Yesterday’s Senate vote on the confirmation of Loretta Lynch, President Obama’s nominee to succeed Attorney General Eric Holder, was a classic example of why talk among conservatives of forming a third party alternative to the establishment Republican Party will not die.
Not only did the usual jelly-backed Senate Republicans vote to confirm Lynch, they were led by Senate Majority Leader Mitch McConnell, whose job is, ostensibly, to be the leader of the conservative opposition to Obama and his lawless progressive agenda.
In moving the Lynch nomination McConnell broke a pre-election promise that no attorney general nominee would be considered in his Senate if that nominee supported Obama’s executive amnesty, something that Lynch testified she supports.
So McConnell’s vote for Lynch was a sort of “go to hell” moment that conservatives should recognize for what it is: Mitch McConnell saying directly to the conservative Republican grassroots and the conservative movement that opposed Lynch that, despite the fact that conservative voters handed back the Senate majority to the Republican Party in 2014 to make him Senate Majority Leader, he not only doesn’t care what they think, he will go out of his way to disrespect them and confound their policy goals.
Lynch, who testified under oath that she would readily carry out policies contrary to the Constitution could have – indeed should have – been stopped by Republicans in the Senate, but she wasn’t.
In fact ten Republicans voted for Lynch, despite a substantial outpouring of conservative opposition from the grassroots of the Republican Party, the conservative blogospere and conservative commentators and opinion writers all of whom argued that Loretta Lynch would be as bad or worse than Eric Holder – heretofore the worst and most political Attorney General in the modern era – and that the Senate was under no obligation to confirm a nominee who said flatly that she would not uphold the Constitution.
The ten Republicans who voted for Lynch are:
Mitch McConnell (Ky.)
Orrin Hatch (Utah)
Lindsey Graham (S.C.)
Jeff Flake (Ariz.)
Thad Cochran (Miss.)
Susan Collins (Maine)
Mark Kirk (Ill.)
Kelly Ayotte (N.H.)
Ron Johnson (Wis.)
Rob Portman (Ohio)
McConnell, who isn’t up for re-election until 2020 is more or less beyond reach through the ballot box for now, and he knows it, but Ayotte, Kirk, Johnson and Portman are all up for re-election in 2016 and the Lynch vote should force conservatives in New Hampshire, Illinois, Wisconsin and Ohio to ask, “Why vote for Ayotte, Kirk, Johnson or Portman if we get the same policies we would get if a Democrat held the seat?”
The answer is, of course, that conservatives shouldn’t vote for Ayotte, Kirk, Johnson and Portman; they should find a conservative alternative to run in the Republican Primaries in New Hampshire, Illinois, Wisconsin and Ohio and then scratch the Senate line on their November ballot if Ayotte, Kirk, Johnson and Portman are on the Republican ticket.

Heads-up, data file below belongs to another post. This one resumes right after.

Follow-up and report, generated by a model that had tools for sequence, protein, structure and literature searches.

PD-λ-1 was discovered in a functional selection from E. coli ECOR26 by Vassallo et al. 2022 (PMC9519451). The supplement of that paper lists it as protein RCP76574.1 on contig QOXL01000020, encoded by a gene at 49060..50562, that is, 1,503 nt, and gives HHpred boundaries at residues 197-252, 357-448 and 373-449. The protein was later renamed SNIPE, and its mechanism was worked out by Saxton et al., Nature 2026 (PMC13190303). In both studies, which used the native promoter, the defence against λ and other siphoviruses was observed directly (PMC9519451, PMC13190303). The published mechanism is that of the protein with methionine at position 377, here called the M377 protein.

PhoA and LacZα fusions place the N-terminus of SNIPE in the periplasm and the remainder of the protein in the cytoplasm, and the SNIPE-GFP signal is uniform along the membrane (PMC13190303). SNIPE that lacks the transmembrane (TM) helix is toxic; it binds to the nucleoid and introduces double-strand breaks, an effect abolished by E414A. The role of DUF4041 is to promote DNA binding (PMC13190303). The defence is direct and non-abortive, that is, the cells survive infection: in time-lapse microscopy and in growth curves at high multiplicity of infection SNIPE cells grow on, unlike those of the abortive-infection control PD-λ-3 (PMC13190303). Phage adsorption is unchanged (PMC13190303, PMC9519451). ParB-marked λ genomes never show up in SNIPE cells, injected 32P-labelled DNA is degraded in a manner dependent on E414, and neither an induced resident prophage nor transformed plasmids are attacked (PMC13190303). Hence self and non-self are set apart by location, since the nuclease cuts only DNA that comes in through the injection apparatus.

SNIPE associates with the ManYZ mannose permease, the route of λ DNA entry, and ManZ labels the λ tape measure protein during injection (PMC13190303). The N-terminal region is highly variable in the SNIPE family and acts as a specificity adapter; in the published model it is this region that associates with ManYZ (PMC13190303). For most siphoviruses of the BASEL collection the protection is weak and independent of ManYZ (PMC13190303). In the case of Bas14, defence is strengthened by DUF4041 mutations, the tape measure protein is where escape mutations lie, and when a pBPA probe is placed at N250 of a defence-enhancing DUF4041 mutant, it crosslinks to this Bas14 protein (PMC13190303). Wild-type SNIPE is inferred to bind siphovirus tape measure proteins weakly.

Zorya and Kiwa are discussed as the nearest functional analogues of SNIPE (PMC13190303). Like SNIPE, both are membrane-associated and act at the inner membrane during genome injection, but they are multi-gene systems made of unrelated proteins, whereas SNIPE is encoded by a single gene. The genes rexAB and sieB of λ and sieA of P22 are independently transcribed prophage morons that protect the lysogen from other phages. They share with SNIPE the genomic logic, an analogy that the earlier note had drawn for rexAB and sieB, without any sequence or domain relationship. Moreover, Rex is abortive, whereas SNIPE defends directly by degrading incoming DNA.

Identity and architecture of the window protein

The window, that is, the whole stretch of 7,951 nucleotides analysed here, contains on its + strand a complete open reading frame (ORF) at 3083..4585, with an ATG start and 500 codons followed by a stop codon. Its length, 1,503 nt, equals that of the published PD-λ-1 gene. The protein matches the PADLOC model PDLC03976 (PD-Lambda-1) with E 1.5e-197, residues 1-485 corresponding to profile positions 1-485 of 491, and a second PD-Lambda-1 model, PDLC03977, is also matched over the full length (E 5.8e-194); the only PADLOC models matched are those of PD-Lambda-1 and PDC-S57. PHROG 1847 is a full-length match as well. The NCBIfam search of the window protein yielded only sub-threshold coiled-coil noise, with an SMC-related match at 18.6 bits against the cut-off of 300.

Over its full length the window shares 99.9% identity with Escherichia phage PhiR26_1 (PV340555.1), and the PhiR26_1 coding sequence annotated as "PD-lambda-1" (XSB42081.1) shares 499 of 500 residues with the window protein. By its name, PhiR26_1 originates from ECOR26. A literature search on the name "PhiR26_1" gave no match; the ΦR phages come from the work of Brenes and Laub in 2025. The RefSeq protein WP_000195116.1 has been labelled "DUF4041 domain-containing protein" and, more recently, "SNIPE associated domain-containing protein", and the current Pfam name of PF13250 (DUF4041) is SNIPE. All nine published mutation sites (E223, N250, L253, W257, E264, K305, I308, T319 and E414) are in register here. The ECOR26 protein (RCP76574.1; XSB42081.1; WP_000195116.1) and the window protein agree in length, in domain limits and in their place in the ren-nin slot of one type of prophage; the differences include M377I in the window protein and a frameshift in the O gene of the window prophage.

And it isn’t just the Lynch vote, although that was the last straw as far as we are concerned.
In the analysis of our friend Matthew Boyle of Breitbart, Democrats still control the U.S. Senate. Election results last November aside says Boyle, an analysis of all the votes taken since Sen. Mitch McConnell (R-KY) took over as Majority Leader shows that, with two minor exceptions, every single vote that has passed the U.S. Senate since the beginning of this Congress in January has passed with at least—usually more than—93 percent of support from Democrats.
“While Republicans have done nothing to create jobs and help the middle class, on other topics like passing clean funding for Homeland Security and confirming Loretta Lynch, Senator McConnell has done the right thing by bringing bills and nominations to the floor that Democrats can support,” Senate Minority Leader Harry Reid’s spokesman Adam Jentleson told Breitbart News. “Democrats hope this trend will continue.”
Harry Reid’s office should be happy – they are still in charge of the Senate, and the far-left progressive agenda of President Obama is advancing unimpeded by the Senate Republican majority that conservatives worked so hard to elect in 2014.
The Lynch vote demonstrates, conclusively in our mind, that the Republican leadership in the Senate is not merely incompetent, but corrupted and compromised in a way that can only be fixed through the most drastic measures.
It is time for conservatives to understand exactly what Mitch McConnell was telling them by voting for Loretta Lynch and to respond by recruiting principled conservative primary opponents to those who voted for Lynch and if necessary, by refusing to vote for Lynch supporters in the November election.